The state of California has created a 25-member mortgage fraud task force, the aim of which is to investigate all variety of shady mortgages, including garden-variety mortgage criminals preying on individuals as well as more sophisticated mortgage originators who might have sold shoddy goods (tied in nice, neat bows) to mortgage investors during the heyday of the housing bubble. The members include 17 lawyers and eight special agents from the California Department of Justice.
The task force was created by the California Attorney General’s office. Though it might seem like locking the barn door after the horse is stolen, AG Kamala Harris isn’t new to this kind of thing. As District Attorney of San Francisco in 2009, she launched the first standalone district attorney’s mortgage fraud unit in California with $1.1 million from the U.S. Department of Justice.
Naturally, Harris isn’t the only state AG looking under rocks in the mortgage industry, hoping to catch mortgage cons and perhaps score points with the electorate as well. New York AG Eric Schneiderman recently issued subpoenas to bond-insurance companies in his quest to look into mortgage-securitization shenanigans.
Toy Retailer Supersizes Rooftop Solar Installation
Where is the largest solar rooftop installation in the country going to be, once it’s finished this summer? Not at a federal installation, nor some demonstration project in California. In fact, it will be at a Toys ‘R Us Inc. distribution center in Flanders, N.J.
Upon completion, the 5.38-megawatt on-site solar installation will occupy about 869,300 square feet–or roughly 70 percent–of the roof. If all goes well, it will generate 72 percent of the electrical needs for the facility. In an ownership arrangement that might become more common as CRE continues to green, Toys ‘R Us will not own the installation. Rather, Constellation Energy will build, own and maintain it, while Toys ‘R Us will purchase electricity generated by the system through a 20-year power purchase agreement with the energy company.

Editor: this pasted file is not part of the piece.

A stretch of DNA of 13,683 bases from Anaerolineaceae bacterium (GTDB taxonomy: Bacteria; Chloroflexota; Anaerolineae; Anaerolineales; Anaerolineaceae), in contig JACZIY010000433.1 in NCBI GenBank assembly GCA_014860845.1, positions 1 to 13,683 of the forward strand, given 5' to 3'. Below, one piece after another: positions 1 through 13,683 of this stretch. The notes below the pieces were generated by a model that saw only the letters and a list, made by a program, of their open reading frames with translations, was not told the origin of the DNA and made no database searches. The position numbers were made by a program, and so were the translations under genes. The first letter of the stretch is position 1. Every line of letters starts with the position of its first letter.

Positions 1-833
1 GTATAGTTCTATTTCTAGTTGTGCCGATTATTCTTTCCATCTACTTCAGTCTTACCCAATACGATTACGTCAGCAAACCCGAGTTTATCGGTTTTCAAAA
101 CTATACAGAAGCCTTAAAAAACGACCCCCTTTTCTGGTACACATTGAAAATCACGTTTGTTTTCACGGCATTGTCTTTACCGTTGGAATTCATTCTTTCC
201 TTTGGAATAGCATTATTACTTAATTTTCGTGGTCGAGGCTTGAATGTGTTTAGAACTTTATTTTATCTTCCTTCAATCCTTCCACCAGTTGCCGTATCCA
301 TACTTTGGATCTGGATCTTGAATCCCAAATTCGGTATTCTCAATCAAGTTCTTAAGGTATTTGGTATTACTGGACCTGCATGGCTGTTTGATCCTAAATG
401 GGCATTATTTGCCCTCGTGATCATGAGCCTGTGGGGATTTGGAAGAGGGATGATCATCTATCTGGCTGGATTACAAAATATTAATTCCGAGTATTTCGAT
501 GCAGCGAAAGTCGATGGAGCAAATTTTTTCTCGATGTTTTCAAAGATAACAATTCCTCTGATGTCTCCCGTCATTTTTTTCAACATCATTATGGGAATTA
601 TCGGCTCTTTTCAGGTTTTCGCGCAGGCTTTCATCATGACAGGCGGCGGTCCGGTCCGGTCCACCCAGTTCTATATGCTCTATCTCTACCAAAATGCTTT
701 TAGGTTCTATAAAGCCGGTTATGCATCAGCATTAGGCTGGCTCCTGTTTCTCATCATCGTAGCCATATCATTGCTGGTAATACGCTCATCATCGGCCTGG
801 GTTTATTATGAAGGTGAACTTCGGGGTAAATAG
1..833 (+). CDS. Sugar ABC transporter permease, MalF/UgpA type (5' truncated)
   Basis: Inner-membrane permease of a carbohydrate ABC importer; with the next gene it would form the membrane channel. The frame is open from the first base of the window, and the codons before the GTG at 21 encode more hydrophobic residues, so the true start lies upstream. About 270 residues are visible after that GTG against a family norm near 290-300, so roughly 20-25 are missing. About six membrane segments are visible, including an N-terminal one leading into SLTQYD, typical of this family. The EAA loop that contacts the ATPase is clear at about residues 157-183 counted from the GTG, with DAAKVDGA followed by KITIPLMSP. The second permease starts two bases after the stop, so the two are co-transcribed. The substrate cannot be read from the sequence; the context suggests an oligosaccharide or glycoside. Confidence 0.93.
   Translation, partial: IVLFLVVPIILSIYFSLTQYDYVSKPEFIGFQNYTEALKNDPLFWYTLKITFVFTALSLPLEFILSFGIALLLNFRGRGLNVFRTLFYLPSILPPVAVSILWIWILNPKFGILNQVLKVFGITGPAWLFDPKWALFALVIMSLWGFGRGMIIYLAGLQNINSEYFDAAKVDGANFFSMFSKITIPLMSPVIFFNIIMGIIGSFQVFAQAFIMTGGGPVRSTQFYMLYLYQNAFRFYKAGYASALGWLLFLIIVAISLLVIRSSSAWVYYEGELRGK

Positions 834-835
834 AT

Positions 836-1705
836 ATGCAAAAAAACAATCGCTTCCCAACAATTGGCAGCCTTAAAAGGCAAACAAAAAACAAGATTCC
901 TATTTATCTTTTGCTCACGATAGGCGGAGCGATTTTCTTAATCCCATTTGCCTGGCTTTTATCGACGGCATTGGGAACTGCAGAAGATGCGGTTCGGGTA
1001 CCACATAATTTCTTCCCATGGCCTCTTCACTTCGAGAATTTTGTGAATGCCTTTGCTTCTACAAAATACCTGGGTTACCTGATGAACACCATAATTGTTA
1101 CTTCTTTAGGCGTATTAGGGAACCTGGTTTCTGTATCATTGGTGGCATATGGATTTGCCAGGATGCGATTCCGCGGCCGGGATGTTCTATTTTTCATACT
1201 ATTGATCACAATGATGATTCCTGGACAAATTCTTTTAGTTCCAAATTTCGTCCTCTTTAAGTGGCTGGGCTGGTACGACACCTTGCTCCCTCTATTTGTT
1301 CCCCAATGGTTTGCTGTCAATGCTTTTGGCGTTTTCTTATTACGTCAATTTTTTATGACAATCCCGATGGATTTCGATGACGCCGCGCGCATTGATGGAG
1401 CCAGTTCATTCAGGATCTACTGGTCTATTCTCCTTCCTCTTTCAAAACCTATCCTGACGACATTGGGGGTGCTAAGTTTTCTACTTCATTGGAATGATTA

Constellation estimates that depending on weather conditions, the system is expected to produce approximately 6.362 million kilowatt hours of electricity each year. Generating the same amount of electricity using non-renewable sources would release about 4,380 metric tons of carbon dioxide, and represents enough electricity to power 532 homes for a year. The company-owned fulfillment center opened in 1995 and was expanded in 2001, and in the years since then the rooftop has been doing exactly nothing except keeping out the weather.
Chicago Fed National Activity Index Drops
The Chicago Fed National Activity Index took a dive between March and April, from 0.32 to negative 0.45, its lowest level since last August. Three of the four broad categories that form the index sagged month over month. Production-related components in particular were off, such as manufacturing, down for the first time in nine months, some of which was attributable to parts shortages in Japan affecting production in the United States.
So the economy, on the whole, is now a little more glum. But according to the Chicago Fed, the index at least “suggests subdued inflationary pressure from economic activity over the coming year.”
Wall Street was a little glum on Monday, too. The Dow Jones Industrial Average lost 130.78 points, or 1.05 percent. The S&P 500 saw 1.19 percent of its value shaved off, while the Nasdaq was down 1.58 percent.